But if you can overlook the flawed book, and in this production, you will, Brigadoon has so many superlative charms. Rockwell’s direction, for one, full of kinetic, muscular movement especially in her adaptation of Agnes deMille’s landmark original choreography, is terrific. She sweeps you along but also highlights the intricate emotions in the characters’ relationships which makes the show more involving and dramatic and less spectacle.  Roberta Duchak’s musical direction and Josh Clayton’s orchestrations full of trumpets, strings, and bagpipes enables the impeccable Lerner and Loewe score to engulf you in its comforting, spell-binding, hazy-mist embrace. Kevin Depinet’s formidable, impressionistic set design, impressive in its unabashed “bigness” and creativity (a shimmering scrim both doubles as a rainstorm and a surface to project Shawn Sagady’s vivid projections that range from a Scottish forest to a New York City restaurant).

And Rockwell has shrewdly cast the show with the best of Chicago’s staggering pool of musical theater talent, most of them making their Goodman debuts. As a devoted and passionate supporter of Chicago actors, I’m just beyond thrilled to see folks I’ve loved in smaller theaters all over the city dazzling the audience in Chicago’s biggest stage.  Kevin Earley is the sole New York actor in the cast (after the departure of another actor) and though at times I think he underplays Tommy’s requisite cynicism, his singing is absolute perfection. You swoon at his performance of the gorgeous “Almost Like Being in Love” and most especially in the difficult “There But For You Go I”.  Jenny Sophia as Fiona gives a truly knockout performance – earthy yet radiant, full of life and vibrancy which makes the fact that she will reawaken a hundred years from now truly heartbreaking. And her singing blows you out of the theater as well, magnetic in both the “Almost Like Being in Love” duet with Earley and in solo numbers like the haunting “From This Day On.”  Rod Thomas who stepped in last minute in the role of Tommy’s bromancing best friend Jeff is charming, funny, and charismatic.  Jordan Brown, who I thought was a star in a smaller role in the tepid Juno, is boyishly exuberant as Charlie Dalrymple, the young groom whose wedding Brigadoon is celebrating during the day the village appeared to Tommy and Jeff. Brown’s lovely performance of “Come to Me, Bend to Me” , one of the most ravishing songs in the Lerner and Loewe canon, full of adoration and longing for his soon-to-be-wife,  is memorable.  Chicago musical theater stalwarts Maggie Portman, Joseph Anthony Foronda, Michael Aaron Lindner, Craig Spidle, and Roger Mueller, whom I have admired in years of theatergoing all shine in a strong supporting ensemble. And finally there’s Rhett Guter, who I found mesmerizing in Gypsy earlier this year, playing Harry Beaton, the one Brigadoon inhabitant who wants to escape the village. Guter continues to show what a hot, exciting musical theater talent he is, impressively and breathtakingly leading  “The Sword Dance” (which, you got it,  requires the male dance ensemble to dance and leap and pirouette and do all kinds of brilliant yet difficult stuff across crossed swords, also showing what those Scots wear under those kilts, ahem), DeMille’s most significant piece for the musical.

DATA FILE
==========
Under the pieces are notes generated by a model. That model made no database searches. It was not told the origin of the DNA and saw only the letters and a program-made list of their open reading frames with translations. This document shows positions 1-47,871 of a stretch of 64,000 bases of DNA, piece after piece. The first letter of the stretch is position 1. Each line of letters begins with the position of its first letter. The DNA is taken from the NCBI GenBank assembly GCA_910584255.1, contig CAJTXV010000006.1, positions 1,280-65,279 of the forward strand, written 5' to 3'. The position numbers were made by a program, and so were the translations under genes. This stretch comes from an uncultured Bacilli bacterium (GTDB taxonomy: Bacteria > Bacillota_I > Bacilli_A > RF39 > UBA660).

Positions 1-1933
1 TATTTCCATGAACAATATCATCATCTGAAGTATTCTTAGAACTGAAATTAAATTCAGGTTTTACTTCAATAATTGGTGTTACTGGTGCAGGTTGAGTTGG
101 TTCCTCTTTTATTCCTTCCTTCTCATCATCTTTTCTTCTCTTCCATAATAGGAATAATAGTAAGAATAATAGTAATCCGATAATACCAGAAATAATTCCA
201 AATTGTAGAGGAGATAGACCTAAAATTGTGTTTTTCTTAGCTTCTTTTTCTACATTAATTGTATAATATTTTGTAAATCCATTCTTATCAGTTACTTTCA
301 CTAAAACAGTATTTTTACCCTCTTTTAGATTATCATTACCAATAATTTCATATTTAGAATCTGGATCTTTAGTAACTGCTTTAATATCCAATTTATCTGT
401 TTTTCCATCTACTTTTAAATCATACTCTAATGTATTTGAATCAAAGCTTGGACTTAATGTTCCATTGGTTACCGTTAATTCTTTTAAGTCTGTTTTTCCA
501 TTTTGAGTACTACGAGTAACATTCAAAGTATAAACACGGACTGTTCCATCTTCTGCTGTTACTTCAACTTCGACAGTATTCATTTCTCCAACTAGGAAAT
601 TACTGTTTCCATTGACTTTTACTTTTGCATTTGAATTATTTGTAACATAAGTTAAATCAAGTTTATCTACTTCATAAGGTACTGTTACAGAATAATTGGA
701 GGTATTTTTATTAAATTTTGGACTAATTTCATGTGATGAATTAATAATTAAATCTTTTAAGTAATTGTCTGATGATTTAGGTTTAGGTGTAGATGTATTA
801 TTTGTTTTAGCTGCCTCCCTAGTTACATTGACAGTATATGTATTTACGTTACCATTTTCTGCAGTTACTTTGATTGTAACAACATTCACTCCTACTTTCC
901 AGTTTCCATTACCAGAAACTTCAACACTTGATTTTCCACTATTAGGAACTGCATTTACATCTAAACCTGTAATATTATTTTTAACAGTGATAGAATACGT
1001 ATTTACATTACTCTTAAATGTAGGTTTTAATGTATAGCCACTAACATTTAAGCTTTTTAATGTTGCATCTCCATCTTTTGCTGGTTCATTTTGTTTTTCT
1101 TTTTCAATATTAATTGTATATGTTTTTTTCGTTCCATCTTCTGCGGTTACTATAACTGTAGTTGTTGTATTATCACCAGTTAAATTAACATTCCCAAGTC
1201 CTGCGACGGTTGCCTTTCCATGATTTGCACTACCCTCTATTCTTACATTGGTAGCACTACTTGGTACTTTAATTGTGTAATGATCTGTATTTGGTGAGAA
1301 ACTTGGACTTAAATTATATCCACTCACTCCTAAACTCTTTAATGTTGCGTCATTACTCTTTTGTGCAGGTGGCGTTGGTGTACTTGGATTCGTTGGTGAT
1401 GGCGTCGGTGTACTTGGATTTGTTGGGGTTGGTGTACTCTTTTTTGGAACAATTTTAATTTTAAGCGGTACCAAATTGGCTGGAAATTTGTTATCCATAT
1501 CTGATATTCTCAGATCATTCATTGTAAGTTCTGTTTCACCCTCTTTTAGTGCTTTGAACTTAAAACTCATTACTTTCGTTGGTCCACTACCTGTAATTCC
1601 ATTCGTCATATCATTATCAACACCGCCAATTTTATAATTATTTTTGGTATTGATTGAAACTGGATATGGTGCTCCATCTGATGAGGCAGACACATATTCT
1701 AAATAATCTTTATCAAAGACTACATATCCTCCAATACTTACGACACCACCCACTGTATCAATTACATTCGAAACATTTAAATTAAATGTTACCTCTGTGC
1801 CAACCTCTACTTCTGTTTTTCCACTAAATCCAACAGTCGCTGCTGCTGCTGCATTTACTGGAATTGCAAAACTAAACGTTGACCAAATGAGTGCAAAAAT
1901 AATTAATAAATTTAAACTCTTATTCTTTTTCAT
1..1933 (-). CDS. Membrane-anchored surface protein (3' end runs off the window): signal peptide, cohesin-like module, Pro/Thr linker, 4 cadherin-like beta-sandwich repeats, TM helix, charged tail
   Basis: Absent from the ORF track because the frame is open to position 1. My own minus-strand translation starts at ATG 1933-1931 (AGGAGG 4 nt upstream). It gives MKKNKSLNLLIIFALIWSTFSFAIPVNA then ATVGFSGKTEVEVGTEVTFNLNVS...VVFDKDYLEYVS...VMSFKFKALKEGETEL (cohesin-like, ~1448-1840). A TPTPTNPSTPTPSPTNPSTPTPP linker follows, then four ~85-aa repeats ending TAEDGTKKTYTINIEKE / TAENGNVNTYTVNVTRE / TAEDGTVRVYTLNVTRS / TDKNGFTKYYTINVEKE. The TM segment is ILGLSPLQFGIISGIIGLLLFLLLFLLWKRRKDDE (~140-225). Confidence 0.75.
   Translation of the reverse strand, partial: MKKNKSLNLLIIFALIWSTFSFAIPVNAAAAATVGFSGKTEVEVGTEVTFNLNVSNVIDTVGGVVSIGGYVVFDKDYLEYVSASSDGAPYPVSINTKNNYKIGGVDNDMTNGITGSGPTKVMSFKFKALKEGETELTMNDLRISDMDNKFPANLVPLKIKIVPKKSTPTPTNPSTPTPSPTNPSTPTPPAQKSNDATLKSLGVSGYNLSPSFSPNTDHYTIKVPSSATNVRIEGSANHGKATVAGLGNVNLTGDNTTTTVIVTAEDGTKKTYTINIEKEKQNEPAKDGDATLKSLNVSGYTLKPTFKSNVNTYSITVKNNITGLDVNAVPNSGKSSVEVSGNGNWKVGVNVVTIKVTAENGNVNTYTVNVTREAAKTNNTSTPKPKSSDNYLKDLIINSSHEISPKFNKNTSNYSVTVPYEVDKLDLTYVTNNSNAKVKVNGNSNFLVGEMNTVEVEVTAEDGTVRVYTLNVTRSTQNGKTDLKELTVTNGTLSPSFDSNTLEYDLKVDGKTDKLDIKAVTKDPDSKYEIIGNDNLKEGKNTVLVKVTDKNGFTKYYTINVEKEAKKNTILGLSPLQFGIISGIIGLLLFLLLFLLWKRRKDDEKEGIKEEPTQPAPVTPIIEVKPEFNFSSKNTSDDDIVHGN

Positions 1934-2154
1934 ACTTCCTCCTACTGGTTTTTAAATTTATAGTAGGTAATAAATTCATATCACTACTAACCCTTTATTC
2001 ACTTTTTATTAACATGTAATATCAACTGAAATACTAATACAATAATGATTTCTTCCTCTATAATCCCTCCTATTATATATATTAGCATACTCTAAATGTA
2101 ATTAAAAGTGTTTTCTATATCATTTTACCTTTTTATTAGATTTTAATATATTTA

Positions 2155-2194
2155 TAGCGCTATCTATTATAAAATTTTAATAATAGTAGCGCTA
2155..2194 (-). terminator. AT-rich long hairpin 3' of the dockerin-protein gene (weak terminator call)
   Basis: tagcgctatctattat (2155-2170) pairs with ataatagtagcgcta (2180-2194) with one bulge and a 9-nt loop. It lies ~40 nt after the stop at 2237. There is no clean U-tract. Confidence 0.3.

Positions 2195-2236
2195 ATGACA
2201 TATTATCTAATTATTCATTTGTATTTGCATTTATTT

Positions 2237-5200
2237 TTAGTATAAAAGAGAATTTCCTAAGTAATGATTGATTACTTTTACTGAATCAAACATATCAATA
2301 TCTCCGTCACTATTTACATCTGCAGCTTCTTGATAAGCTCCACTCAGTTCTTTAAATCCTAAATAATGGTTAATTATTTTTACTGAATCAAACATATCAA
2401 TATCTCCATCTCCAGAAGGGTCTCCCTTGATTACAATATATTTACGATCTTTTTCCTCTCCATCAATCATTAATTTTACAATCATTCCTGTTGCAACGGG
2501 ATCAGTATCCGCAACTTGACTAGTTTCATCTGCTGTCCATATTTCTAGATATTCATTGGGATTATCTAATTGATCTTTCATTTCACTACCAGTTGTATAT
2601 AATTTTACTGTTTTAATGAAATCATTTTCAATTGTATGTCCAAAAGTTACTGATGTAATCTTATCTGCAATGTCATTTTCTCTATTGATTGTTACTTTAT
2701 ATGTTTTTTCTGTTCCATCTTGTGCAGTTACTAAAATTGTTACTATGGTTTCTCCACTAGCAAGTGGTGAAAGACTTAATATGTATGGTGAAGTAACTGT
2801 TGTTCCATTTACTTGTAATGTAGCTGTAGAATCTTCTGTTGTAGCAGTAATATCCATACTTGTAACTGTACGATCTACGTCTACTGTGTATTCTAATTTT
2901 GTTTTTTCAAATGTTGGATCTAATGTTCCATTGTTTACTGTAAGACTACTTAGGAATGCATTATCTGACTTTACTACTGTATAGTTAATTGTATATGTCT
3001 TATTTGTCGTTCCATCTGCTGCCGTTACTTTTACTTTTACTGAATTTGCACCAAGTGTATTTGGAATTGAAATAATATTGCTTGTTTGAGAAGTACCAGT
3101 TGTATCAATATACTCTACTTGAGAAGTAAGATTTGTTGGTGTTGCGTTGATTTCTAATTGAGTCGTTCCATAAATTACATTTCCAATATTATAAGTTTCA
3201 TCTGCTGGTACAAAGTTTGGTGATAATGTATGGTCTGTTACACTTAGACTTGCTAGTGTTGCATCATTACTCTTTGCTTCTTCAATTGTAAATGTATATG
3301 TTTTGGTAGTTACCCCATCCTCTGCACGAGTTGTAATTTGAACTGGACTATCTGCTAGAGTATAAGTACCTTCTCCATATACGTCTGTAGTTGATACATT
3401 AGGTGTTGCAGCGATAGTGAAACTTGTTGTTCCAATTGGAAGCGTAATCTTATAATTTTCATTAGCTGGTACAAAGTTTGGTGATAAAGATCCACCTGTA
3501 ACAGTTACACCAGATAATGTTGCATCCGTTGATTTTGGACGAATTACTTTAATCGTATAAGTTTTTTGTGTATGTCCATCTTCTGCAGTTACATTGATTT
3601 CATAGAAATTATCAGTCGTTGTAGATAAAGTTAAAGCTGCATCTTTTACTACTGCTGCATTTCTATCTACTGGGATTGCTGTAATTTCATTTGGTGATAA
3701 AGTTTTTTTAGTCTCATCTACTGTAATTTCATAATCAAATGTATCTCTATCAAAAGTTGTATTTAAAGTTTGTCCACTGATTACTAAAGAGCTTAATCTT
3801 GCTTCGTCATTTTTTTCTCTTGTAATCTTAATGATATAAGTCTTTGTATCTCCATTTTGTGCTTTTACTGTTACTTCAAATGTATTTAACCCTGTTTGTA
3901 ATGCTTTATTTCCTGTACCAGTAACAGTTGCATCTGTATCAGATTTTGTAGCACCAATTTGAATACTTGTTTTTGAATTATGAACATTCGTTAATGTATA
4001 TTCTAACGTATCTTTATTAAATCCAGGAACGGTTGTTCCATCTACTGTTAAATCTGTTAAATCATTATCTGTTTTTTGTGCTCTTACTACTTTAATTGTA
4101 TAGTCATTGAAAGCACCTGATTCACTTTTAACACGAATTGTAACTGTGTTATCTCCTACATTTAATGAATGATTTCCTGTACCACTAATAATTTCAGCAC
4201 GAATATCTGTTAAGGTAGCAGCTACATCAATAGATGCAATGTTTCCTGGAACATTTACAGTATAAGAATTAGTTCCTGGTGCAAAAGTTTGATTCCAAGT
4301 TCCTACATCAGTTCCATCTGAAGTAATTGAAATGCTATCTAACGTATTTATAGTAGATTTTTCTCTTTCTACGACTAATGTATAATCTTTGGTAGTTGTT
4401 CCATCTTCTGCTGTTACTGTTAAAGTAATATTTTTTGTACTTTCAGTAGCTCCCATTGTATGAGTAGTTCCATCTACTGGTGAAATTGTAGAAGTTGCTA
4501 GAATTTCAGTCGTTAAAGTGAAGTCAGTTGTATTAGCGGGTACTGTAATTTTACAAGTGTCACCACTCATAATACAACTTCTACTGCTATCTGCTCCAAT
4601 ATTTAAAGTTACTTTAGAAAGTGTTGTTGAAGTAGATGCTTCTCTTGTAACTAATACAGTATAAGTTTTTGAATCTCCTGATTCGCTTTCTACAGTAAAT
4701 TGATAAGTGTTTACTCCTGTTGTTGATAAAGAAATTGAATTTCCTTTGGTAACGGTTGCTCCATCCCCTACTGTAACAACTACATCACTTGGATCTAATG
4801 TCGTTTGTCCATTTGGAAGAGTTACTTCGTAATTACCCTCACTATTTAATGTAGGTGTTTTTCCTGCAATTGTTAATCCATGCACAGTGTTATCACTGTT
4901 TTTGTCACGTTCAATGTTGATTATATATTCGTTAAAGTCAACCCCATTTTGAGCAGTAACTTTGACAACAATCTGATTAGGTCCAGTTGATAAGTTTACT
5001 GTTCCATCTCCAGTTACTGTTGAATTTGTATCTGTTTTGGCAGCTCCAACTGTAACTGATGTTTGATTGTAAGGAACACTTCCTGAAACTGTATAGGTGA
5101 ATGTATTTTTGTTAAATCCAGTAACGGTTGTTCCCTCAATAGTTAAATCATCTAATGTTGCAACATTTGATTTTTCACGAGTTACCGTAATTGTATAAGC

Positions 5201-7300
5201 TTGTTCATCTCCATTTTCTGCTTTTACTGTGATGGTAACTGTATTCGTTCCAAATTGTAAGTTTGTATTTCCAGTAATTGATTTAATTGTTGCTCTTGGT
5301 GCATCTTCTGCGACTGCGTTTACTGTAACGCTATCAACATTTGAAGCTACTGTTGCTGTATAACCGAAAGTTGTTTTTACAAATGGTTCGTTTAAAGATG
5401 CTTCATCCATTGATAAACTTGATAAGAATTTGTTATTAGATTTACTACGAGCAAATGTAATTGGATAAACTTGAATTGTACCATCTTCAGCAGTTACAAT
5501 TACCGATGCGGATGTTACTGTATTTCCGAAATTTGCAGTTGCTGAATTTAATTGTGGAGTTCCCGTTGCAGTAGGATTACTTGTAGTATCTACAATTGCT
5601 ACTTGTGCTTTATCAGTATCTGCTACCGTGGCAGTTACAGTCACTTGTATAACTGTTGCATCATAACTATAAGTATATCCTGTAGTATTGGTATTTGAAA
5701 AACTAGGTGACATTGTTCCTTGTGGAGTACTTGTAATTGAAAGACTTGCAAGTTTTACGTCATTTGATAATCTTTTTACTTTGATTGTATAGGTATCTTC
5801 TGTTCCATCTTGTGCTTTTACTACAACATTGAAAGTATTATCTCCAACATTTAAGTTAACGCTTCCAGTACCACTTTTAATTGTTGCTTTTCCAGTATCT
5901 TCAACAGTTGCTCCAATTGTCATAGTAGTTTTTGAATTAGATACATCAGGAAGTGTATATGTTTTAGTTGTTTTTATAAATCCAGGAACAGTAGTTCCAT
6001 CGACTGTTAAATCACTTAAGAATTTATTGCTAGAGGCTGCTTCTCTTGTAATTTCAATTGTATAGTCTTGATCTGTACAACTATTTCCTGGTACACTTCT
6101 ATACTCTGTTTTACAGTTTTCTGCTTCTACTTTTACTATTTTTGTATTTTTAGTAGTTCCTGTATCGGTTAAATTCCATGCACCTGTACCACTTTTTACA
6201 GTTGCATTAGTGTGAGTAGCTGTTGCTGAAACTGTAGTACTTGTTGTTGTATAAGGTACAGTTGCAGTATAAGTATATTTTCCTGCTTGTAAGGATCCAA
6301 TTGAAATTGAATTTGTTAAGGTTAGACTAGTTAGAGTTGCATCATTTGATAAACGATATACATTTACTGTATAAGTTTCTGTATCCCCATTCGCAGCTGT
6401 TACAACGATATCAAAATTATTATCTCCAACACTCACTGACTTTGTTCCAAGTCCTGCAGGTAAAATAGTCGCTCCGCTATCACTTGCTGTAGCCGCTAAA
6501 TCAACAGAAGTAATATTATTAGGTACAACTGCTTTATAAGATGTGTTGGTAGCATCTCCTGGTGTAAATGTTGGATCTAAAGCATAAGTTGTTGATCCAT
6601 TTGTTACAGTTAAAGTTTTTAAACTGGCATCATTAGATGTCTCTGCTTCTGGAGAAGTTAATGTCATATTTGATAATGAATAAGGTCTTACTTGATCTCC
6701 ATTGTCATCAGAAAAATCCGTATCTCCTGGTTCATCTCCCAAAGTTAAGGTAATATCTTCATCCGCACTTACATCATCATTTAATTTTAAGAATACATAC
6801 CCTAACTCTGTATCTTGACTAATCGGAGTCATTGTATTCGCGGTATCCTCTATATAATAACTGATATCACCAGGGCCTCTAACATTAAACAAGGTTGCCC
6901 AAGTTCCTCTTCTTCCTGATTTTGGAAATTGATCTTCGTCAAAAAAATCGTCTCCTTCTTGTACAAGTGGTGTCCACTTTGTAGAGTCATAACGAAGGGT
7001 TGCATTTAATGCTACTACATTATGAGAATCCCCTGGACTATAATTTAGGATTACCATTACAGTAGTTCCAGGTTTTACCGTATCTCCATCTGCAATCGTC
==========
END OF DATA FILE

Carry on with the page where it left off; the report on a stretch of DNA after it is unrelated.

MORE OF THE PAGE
With this cast, this score, this set, and Rockwell’s direction, this lavish and dream-like Brigadoon is about as close to musical theater perfection as you can experience. I’d be willing to wait a hundred years for another production to come if it’s as good as this.

You’re like a Scottish moss if you don’t get enchanted by this unmissable production of Brigadoon. It’s running until August 17 at the Goodman Theater, 170 N. Dearborn St.